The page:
Background: Childhood allergic rhinitis (AR) is clinically heterogenous. We aimed to identify distinct phenotypes among children with AR using data-driven techniques and to ascertain their association with patterns of symptoms, allergic sensitization, and comorbidities.
Methods: We recruited 510 children with physician-diagnosed AR, of whom 205 (40%) had asthma. Latent class analysis (LCA) was performed to identify latent structure within the data set using 17 variables (allergic conjunctivitis, eczema, asthma, family history of asthma, family history of allergic rhinitis, skin sensitization to 8 common allergens, tonsillectomy, adenoidectomy).
Results: A four-class solution was selected as the optimal model based on statistical fit. We labeled latent classes as: (1) AR with grass mono-sensitization and conjunctivitis (n = 361, 70.8%); (2) AR with house dust mite sensitization and asthma (n = 75, 14.7%); (3) AR with pet and grass polysensitization and conjunctivitis (n = 35, 6.9%); and (4) AR among children with tonsils and adenoids removed (n = 39, 7.6%). Perennial AR was significantly more common among children in Class 2 (OR 5.83, 95% CI 3.42-9.94, p < .001) and Class 3 (OR 2.88, 95% CI 1.36-6.13, p = .006). Mild and intermittent AR symptoms were significantly more common in children in Class 2 compared to those in Class 1. AR was more severe in Class 1 compared to other 3 classes, indicating that upper respiratory symptoms are more severe among children with isolated seasonal rhinitis, than in those with rhinitis and coexisting asthma.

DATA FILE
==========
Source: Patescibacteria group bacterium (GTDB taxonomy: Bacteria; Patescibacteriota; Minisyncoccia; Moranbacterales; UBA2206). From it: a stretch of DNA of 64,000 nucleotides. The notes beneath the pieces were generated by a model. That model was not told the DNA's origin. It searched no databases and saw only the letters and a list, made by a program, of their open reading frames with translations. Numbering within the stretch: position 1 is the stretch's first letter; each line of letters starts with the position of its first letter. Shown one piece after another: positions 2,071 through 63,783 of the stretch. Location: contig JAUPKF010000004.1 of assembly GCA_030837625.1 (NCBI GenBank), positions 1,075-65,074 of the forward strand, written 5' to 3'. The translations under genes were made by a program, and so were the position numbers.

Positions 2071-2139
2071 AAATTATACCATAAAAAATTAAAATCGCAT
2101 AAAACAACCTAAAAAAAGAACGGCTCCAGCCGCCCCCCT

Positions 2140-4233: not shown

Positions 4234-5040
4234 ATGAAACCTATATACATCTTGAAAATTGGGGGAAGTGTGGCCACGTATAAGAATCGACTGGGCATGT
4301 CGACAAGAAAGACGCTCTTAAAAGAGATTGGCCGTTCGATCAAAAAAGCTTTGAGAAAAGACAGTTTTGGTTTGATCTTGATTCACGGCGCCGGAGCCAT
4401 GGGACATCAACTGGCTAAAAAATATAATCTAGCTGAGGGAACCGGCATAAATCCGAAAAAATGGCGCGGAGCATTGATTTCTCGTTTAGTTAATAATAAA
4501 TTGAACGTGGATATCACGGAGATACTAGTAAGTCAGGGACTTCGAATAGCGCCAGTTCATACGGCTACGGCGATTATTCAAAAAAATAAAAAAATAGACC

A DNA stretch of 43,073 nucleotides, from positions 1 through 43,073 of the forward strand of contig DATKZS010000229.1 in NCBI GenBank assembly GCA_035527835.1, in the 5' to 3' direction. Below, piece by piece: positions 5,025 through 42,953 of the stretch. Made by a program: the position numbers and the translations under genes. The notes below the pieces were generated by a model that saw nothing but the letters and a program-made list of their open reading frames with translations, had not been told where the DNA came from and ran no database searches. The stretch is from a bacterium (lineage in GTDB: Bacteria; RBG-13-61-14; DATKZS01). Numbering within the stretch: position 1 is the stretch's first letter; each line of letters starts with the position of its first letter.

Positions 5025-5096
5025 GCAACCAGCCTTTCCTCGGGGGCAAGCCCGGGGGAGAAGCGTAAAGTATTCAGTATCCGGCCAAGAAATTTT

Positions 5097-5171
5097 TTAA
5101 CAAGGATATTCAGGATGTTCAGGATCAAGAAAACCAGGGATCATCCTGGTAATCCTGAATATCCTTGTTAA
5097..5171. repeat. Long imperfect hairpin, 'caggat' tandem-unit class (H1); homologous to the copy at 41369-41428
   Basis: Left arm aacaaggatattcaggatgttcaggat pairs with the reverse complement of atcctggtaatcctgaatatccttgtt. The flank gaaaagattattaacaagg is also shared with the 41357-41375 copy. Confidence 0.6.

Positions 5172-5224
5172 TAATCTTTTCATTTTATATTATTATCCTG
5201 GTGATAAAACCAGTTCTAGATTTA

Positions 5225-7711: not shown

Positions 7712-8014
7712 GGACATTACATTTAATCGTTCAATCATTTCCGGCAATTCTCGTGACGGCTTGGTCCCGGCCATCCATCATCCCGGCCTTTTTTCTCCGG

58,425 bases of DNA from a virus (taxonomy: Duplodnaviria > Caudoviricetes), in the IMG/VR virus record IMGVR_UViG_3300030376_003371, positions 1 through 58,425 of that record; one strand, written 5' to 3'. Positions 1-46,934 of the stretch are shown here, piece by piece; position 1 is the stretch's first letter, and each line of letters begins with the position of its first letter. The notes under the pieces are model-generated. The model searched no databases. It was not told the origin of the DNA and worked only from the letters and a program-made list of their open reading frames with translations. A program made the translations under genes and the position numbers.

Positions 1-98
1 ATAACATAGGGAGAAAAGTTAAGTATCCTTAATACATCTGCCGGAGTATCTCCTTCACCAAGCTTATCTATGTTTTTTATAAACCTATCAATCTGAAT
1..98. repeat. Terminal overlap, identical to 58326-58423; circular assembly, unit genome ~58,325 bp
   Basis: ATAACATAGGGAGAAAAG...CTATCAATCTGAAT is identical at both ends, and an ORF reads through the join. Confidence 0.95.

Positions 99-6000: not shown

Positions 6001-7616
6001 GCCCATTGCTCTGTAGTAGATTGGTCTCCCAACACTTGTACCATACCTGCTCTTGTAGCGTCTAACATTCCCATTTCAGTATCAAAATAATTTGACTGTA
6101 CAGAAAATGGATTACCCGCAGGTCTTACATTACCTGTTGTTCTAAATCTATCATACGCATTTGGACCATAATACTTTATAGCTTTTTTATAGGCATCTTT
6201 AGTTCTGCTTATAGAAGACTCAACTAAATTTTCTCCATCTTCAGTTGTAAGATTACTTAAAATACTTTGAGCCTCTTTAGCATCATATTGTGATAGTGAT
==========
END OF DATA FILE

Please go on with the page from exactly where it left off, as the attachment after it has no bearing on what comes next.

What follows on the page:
Conclusion: We have identified 4 phenotypes in school-age children with AR, which were associated with different patterns of clinical symptoms and comorbidities.
Keywords: allergic rhinitis; allergy; asthma; children; phenotype.
© 2021 The Authors. Pediatric Allergy and Immunology published by European Academy of Allergy and Clinical Immunology and John Wiley & Sons Ltd.